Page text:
Would applying too much Ceramique cause something like this? I'm not sure how much I put on there, but at the time it looked like the recommended dosage according to Arctic Silver's online install notes...
Yes, it's possible that could do it, but most times the excess squishes out. The layer of thermal grease should be very thin and very uniform. Your temps are not that much higher than the 65c normally seen in an average case on a P4 550 with the stock cooler or Zalman 7000AlCu. I've been down this path myself with a 550 altough mine was at 67c under load. It's now at 57c in the same case.
I would skip Zalman altogether, copper or otherwise, the 7000Cu is not really up to this job either IMO. A better call would be the Thermalright XP-90. Thermalright has them kitted with a decent fan now. You can also use a Panaflo 92mm BX (3 pin Rpm reporting). If you really want the cool man settup you could stick a JCM pulse width modulated fan on there. The XP90 will cost a few bucks more, but it should pull your load temps down under 60c.
Check those case fans to make certain they are doing their job as well. You may want to get a fan controller so you can be certain the case fans are spun up all the way when you are under load.
Also, I would consider
getting a phase change thermal interface. Best is if you can get hold of a piece of Honeywell PCM45. The advantage is that it applies a perfectly uniform layer that is the ideal thickness of the exact right material that Intel designed around. The are just over $1 each and one postage stamp is the cost of shipping up to 100 of them. http://www.ajigo-store.com/chomt7therin.html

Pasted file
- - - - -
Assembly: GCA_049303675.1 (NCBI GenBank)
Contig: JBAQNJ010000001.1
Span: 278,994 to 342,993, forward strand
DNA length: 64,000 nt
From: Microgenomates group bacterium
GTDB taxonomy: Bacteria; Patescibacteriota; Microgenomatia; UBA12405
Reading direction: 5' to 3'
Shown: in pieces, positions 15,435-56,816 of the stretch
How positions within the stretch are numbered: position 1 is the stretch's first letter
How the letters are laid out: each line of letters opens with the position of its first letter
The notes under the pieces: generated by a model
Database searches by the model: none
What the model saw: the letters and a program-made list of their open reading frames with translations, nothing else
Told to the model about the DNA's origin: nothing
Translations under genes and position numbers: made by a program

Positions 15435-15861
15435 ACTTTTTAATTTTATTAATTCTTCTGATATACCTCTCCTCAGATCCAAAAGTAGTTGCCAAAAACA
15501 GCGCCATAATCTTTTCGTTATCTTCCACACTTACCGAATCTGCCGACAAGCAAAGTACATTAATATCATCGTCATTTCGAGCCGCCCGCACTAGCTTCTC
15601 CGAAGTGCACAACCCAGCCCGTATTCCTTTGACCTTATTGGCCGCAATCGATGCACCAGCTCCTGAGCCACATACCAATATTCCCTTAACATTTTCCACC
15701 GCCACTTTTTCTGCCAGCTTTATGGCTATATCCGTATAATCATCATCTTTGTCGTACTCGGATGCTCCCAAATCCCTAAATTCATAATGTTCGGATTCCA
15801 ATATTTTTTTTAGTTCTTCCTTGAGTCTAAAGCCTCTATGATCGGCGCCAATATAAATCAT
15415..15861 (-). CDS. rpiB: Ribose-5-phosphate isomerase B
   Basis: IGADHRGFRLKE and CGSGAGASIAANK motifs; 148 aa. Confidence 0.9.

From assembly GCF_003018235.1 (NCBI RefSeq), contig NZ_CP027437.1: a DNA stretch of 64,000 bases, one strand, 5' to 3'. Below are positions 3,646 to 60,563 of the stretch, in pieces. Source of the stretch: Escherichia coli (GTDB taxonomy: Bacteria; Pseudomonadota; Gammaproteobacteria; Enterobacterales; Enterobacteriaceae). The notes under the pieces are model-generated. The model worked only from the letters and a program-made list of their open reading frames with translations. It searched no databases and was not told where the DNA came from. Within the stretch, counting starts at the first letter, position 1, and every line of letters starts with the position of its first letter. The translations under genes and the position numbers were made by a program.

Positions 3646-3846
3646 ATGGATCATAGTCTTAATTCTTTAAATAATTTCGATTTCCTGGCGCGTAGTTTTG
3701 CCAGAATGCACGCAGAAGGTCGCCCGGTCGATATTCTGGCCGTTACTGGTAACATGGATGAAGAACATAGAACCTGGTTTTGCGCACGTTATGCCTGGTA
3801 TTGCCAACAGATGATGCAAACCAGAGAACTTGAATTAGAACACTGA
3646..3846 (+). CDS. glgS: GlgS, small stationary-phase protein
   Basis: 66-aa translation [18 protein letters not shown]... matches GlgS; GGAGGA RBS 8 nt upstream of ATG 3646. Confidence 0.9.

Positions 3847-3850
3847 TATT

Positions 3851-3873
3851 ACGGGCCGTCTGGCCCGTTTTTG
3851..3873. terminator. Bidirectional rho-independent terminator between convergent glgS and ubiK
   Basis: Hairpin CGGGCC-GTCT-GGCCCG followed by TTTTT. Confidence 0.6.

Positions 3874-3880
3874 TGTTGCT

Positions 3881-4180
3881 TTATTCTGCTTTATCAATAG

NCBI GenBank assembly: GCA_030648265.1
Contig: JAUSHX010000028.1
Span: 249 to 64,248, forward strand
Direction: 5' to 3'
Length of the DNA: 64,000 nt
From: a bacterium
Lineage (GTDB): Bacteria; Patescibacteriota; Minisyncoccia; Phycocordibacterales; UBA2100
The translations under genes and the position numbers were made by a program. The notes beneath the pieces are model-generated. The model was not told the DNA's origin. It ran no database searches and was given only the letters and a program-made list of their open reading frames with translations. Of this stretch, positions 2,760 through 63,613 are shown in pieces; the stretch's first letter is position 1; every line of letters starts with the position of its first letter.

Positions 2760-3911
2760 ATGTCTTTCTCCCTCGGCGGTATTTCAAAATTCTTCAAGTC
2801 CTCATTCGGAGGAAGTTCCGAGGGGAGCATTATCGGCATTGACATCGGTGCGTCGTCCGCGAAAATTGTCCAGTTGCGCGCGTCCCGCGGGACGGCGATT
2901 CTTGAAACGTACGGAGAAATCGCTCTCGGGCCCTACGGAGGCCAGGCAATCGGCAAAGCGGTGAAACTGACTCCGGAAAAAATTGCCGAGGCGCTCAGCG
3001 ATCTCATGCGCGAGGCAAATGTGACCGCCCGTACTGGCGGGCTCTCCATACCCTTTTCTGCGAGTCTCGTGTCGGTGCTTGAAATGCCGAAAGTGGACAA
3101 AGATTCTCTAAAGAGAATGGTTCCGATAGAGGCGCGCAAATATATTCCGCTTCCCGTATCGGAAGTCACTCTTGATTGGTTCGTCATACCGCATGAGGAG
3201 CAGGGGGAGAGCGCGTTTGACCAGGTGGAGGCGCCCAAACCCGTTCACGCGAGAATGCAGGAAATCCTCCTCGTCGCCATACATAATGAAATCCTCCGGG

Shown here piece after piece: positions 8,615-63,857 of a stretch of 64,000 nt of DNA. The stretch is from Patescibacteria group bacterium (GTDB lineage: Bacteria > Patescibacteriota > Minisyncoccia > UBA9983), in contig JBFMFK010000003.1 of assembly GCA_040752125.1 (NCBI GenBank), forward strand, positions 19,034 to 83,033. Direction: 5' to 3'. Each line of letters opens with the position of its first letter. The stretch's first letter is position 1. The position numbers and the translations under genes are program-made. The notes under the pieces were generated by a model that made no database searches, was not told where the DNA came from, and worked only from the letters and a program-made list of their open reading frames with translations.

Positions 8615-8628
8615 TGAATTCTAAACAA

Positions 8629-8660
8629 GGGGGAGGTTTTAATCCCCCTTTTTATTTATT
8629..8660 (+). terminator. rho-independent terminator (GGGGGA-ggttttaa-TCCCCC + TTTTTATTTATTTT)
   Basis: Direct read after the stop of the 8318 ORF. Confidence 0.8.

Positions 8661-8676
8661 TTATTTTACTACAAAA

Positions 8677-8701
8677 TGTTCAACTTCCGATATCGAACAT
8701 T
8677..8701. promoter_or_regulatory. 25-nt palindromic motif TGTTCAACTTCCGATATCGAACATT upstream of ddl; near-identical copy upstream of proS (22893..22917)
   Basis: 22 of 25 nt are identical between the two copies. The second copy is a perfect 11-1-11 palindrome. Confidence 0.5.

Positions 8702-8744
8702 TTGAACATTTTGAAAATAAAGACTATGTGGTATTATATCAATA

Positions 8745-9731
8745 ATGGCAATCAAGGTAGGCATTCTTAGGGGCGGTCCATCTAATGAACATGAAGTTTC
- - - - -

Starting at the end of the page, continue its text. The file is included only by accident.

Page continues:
All you do is lay them on the sink, or the chips heat spreader, put uniform pressure on it (I use the sink for that), wait an hour for it to adhere to the metal, then peel off the backing material. Don't rub it or it will stick to the backing material and you start over....
I'm ready for the inevitable chorus of "AS5 rocks," and I've used Arctic Silver since AS1 came out. But, my own comparisons show that Honeywell PCM45 will deliver the same temperature or lower than AS5 when both are correctly applied, but it's much easier to goober up AS5 just as you may have the Ceramique. With the PCM45 you know you have it perfect every time out. We call that verifiable qauality. The phase change material will also last much longer, not that most of us will still own our computers long enough to care.